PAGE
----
Lessons from Netflix and Spotify: how to perfect subscription strategies

Online subscription services, the new tech battleground
What have the big players taught us about subscription models?

Netflix and Spotify seek to become the de facto standards in their paid-for video and music streaming services, and this is coming at the expense of profits currently, with Spotify loss making and Netflix loss making outside the USA.

So what is a smart pricing strategy for subscription businesses – both in the digital and non-digital worlds? Here's a handy break-down:

Offer a range of price points

Let customers choose how much they are prepared to pay by offering a range of price points for differentiated products.

This has the combined effect reaching a wider market, extracting value from those most willing to pay (e.g. with a 'premium' offering), and giving customers something to down-trade to, which lowers the risk of price increases and churn.

But companies need to be careful to avoid cannibalisation if introducing lower price points by ensuring these mainly target new customer groups.

Lock customers in with discounts for longer term subscriptions

This also helps to achieve the above and stabilises revenues (particularly against competitors). By promising not to increase prices for existing customers for 2 years, Netflix has implemented a form of this strategy.

Communicate price increases carefully

Communication should always lead with a value message, and state the price increase in the smallest way possible – Netflix's UK price increase was 17% but was communicated as just £1/month.

Differentiate price increases if possible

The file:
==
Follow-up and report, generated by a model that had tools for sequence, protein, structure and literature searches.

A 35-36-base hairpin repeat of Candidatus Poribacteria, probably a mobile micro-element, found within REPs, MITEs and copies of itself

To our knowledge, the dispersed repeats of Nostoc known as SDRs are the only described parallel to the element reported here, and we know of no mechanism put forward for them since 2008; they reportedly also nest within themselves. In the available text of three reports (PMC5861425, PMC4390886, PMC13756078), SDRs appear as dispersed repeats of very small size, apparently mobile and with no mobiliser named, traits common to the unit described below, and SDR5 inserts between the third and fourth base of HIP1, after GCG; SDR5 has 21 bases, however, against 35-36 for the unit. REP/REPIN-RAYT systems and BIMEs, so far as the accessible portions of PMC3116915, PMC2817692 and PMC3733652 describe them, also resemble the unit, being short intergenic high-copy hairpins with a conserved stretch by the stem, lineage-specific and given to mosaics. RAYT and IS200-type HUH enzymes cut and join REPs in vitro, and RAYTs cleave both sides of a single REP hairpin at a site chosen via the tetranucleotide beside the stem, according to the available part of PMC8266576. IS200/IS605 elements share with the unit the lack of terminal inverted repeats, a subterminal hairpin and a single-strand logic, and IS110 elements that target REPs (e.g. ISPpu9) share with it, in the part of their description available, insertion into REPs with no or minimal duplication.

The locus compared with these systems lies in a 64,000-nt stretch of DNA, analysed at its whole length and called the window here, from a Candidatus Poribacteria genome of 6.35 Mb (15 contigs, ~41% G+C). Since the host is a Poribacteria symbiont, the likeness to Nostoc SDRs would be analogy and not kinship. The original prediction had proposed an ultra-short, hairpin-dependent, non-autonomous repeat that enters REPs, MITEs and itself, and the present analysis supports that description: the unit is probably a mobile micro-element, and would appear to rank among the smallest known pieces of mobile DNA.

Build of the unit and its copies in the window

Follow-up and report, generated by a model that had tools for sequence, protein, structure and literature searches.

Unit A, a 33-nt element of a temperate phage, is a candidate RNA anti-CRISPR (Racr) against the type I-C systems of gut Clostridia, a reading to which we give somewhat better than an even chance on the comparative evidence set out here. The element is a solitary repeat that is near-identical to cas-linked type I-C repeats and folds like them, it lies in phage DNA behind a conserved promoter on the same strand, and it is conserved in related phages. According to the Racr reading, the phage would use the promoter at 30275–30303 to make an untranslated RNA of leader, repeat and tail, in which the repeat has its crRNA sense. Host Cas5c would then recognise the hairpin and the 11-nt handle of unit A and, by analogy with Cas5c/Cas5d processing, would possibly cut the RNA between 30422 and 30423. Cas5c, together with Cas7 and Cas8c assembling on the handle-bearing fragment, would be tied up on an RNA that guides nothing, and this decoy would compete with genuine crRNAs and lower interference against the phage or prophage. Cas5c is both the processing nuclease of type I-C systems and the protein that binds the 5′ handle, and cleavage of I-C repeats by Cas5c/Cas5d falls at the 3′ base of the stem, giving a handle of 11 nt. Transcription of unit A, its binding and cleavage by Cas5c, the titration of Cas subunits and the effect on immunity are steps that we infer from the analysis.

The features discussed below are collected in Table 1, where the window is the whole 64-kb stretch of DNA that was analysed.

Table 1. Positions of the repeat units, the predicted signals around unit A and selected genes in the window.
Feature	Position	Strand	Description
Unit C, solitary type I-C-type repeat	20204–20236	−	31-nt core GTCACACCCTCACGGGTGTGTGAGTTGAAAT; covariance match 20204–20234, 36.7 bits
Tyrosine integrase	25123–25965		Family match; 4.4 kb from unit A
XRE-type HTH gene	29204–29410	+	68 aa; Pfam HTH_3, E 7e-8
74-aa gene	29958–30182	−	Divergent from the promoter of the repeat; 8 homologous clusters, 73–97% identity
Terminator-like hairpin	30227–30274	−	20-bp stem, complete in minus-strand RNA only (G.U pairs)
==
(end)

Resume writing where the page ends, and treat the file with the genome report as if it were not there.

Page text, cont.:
At the most basic level this means differentiating the communication to customers based on what they value most about the product they buy.

The most sophisticated subscription businesses will also differentiate the price increases based on customer segment level price sensitivity – but this is only possible if pricing is fairly in-transparent or you risk consumer ire.

If you have a retention strategy it should be carefully controlled

As anyone who has tried to leave a mobile phone contract knows, there are discounts available from the retention teams at these companies.

But companies should be prepared to let some customers go – depending on the current strategy, profit should be a key goal, and companies may need to cede some market share to lower priced competitors to preserve profit margins.

Companies should make sure there are limits in place to control this discounting and avoid turning their customers into consistent hagglers.

  • Nick Zarb from the world's leading pricing advisors, Simon-Kucher & Partners', can offer his top tips for a smart pricing strategy.